BT's television service could lose Sky Sports
The ugly scrapping between BT and Sky continues this week, with a decision by Ofcom to ditch a load of rules, which would normally force Sky to provide channels Sky Sports 1 and 2, to rivals at a controlled price.
Ofcom have said that the Wholesale Must Offer obligation (WMO) isn't necessary any longer, as Sky had demonstrated that it was willing enough to offer their sports channels to their competitors on commercial terms.
The regulator added that Sky's introduction of NowTV, and BT's buying of football rights, shows that the market is more competitive than when the rules were initially brought in, so the end of WMO could see BT customers unable to watch Sky Sports 1 and 2.
This is far from over though, as BT are looking at their legal options after the decision from Ofcom. A spokesperson called this move "very disappointing", adding: "We will consider our legal options in the light of this decision and, in the meantime, continue to offer our customers access to Sky Sports 1 and 2."
"Ofcom has said it is important for pay-TV retailers to have access to key Sky content to be able to compete effectively in this market, and that they want consumers to have access to these channels. We therefore expect Sky to behave appropriately so that we can continue to offer our customers access."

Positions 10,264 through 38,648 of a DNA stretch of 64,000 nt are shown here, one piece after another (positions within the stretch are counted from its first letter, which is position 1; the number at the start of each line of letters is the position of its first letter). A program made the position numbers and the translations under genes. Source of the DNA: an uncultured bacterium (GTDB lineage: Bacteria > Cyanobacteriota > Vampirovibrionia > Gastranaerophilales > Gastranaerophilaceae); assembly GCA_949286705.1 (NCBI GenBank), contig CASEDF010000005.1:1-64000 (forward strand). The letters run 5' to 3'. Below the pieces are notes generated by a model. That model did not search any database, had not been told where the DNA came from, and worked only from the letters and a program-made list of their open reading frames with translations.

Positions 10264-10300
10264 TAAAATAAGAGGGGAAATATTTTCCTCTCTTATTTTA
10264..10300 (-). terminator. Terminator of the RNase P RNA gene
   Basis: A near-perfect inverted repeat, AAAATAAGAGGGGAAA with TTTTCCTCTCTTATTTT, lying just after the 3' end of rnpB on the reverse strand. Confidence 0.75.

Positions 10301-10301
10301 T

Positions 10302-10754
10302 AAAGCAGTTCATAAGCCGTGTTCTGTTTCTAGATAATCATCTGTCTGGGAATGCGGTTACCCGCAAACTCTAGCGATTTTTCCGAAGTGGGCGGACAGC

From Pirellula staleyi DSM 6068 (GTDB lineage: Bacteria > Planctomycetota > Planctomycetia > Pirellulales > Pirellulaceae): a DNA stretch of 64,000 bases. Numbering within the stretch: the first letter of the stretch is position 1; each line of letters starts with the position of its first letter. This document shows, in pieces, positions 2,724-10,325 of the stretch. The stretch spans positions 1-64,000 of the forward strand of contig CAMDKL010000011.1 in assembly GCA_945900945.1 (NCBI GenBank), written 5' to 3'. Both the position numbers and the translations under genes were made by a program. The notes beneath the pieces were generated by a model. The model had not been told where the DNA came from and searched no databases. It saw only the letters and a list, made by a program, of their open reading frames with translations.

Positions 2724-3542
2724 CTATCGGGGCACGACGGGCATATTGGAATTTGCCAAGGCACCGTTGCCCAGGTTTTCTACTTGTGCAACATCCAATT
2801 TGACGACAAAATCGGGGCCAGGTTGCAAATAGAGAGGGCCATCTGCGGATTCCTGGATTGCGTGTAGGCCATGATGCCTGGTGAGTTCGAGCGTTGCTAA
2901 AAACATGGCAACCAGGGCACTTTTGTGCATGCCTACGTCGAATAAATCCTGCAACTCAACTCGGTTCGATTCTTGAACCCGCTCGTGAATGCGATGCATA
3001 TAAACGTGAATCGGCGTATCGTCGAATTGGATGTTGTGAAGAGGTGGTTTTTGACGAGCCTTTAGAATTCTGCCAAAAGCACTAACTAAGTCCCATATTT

"We still believe that effective remedies are essential to address the failure of competition in the Pay TV market, in which we estimate Sky has had around 75pc share of retail subscription revenues for more than 10 years."
This row has been going on for years now, with claim and counterclaim being batted back and forth over deals on sports channels. Sky argue that BT have basically refused to let BT Sport to be included in a Sky subscription, while BT has claimed that Sky has been undermining competition in sports rights by exploiting their dominance.
As it stands, BT will now have to have commercial negotiations with Sky without WMO, and seeing as this is so petty and longstanding, Sky may price out BT, leaving their customers without the goods.